Dave Moulton

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« Prices then and now | Main | How a movie changed the course of my framebuilding career »

It is the 30th. Anniversary of my 30th. Anniversary


I introduced the Fuso frame in 1984. Sales went pretty well right from the start, and I was able to quickly establish the Fuso name amongst all the many import brands from Italy and Japan. I built 18 different sizes in one centimeter increments. My aim was to have every size in stock (Unpainted.) at all time.

With top tube lengths and frame angles varying throughout this range of sizes, it meant one could get a custom fit from a frame that was in stock, and could be delivered, painted in your choice of color, in two or three weeks rather than having to wait several months to have one custom built individually. Plus the price was reasonable.

In 1987 I realized it had been 30 years since I built my first frame in 1957, under the tutelage of Albert “Pop” Hodge. (Picture right.)

I was 21 years old at the time, and had worked part time for Pop since I was 17. Pop Hodge was born in 1877, so was 80 years old at the time. Roughly the age I am now.

In 1987 I realized it was probably a good marketing strategy to label frames sold that year with a special 30th. Anniversary decal on the left chainstay.

As I already mentioned I tried to keep all sizes in stock, so I had between 60 and 100 unpainted frames hanging on the wall at any given time.

Many of the frames sold in the early part of 1987 were actually built in 1986, but were painted and sold in 1987, so therefore got the special decal. It was the only practical way to do it. Likewise many frames built in the last months of 1987 were unsold and unpainted on December 31st. that year. Those frames did not get the Anniversary decal.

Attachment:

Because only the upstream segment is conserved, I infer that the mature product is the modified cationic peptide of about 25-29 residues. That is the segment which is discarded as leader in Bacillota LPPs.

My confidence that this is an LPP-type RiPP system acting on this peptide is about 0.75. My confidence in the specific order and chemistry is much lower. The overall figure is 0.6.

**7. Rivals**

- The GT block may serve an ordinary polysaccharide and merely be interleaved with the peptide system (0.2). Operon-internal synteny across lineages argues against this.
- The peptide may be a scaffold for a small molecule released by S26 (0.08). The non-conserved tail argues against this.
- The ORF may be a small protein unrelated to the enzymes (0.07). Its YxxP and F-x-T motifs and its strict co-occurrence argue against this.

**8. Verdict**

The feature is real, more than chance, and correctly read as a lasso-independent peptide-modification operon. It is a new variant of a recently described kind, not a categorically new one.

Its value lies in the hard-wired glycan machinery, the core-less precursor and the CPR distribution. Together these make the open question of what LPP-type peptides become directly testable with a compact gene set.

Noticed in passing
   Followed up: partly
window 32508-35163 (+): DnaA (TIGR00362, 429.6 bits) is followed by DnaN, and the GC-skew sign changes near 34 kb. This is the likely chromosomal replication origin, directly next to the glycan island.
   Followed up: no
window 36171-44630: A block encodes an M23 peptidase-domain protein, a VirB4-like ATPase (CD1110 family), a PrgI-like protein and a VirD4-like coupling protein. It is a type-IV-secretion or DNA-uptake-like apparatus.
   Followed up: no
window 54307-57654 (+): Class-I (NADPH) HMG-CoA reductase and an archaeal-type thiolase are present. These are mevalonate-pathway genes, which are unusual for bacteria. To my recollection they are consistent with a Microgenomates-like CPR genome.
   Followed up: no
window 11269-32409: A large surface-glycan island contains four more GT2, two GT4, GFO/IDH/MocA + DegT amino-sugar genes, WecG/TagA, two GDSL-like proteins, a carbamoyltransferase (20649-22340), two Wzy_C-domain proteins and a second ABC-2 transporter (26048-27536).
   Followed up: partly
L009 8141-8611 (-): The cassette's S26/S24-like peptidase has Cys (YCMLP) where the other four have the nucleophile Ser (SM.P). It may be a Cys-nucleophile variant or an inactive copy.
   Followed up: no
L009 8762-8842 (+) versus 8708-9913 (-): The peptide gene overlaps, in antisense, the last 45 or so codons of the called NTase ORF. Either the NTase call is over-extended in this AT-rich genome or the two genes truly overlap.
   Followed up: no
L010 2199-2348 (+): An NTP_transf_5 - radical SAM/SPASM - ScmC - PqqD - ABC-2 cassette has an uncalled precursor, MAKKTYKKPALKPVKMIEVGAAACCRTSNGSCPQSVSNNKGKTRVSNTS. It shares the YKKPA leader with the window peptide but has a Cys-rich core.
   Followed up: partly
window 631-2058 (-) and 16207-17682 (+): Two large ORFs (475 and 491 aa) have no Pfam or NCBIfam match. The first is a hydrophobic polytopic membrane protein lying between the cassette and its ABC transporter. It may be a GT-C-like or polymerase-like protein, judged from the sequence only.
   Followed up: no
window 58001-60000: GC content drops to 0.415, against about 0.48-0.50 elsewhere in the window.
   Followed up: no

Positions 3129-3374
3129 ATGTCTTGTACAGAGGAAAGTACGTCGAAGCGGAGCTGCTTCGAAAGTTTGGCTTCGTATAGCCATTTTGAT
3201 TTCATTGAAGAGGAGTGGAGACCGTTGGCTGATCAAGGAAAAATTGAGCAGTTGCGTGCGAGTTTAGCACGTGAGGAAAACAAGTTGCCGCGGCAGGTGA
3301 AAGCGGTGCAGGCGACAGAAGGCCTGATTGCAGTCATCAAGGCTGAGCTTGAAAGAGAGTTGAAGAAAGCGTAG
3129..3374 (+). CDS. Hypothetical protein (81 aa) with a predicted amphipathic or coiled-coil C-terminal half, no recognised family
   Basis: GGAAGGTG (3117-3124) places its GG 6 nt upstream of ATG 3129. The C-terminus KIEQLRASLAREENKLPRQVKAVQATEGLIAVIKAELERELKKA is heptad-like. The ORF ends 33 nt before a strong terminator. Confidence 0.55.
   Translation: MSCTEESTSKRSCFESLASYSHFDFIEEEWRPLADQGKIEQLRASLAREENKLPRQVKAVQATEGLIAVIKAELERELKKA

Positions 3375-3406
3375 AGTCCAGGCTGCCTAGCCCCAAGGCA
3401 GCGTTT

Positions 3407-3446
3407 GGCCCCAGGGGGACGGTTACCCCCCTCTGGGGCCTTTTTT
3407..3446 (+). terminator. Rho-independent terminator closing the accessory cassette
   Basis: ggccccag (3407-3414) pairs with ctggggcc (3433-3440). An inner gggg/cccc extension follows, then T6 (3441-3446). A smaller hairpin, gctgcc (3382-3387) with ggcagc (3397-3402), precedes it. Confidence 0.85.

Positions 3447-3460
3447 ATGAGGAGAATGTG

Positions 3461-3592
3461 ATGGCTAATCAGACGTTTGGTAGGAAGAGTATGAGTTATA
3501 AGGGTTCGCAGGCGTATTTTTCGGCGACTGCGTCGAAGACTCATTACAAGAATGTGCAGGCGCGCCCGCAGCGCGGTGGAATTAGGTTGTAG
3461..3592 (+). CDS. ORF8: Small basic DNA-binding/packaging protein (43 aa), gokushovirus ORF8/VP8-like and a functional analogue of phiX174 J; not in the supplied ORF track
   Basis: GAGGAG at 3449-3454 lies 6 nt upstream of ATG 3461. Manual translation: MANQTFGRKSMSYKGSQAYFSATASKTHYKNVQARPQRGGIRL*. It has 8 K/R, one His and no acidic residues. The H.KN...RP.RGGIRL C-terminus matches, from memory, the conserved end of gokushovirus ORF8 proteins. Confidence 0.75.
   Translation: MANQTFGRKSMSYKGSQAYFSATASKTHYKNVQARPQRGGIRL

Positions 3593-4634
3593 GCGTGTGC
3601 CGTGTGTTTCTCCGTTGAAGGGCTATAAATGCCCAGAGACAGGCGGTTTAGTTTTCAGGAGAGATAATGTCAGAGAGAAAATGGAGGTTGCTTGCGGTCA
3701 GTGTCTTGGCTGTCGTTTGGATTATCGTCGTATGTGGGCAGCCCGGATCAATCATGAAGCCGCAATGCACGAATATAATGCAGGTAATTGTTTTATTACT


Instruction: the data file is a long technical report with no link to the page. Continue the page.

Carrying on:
I recently realized it is now another 30 years since 1987, so it is the 30th. Anniversary of my 30th. Anniversary. I other words 60 years ago I built my first frame. A point I would like to make is this, the chain driven bicycle was invented in 1885. Pop Hodge was born 8 years before that date, and started building frames around 1907.

Those early framebuilders were blacksmiths, and Pop brazed his frames in a hearth of hot coals. I not only learned framebuilding from this man, but learned the history of bicycle building and design.

I have lost count over recent years of the number of times I have written to bike manufacturers offering my knowledge for the price of my expenses in getting to their facility. Not once have I even got the courtesy of a reply.

The last one was just a few weeks ago, my attitude now is fuck it, I’m done. Please don’t suggest that I write a book, I am also through with writing books that no one buys. It is what I should expect really. The top bike makers are now large corporations, and my emails are probably getting deleted by some junior clerk who doesn’t even ride a bike.

Excuse the little rant there at the end, but I get frustrated at times. 


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Reader Comments (9)

There used to be a continuum, even the large bike companies had a department staffed by dedicated artisans that cared about the work and history.
Now it is just sales and marketing period.
If you want artists and history attend one of the small regional custom bike events.
Dave, your rants are part of why we follow your blog, they are part of the insight that you provide.

February 14, 2017 | Unregistered Commenteredstainless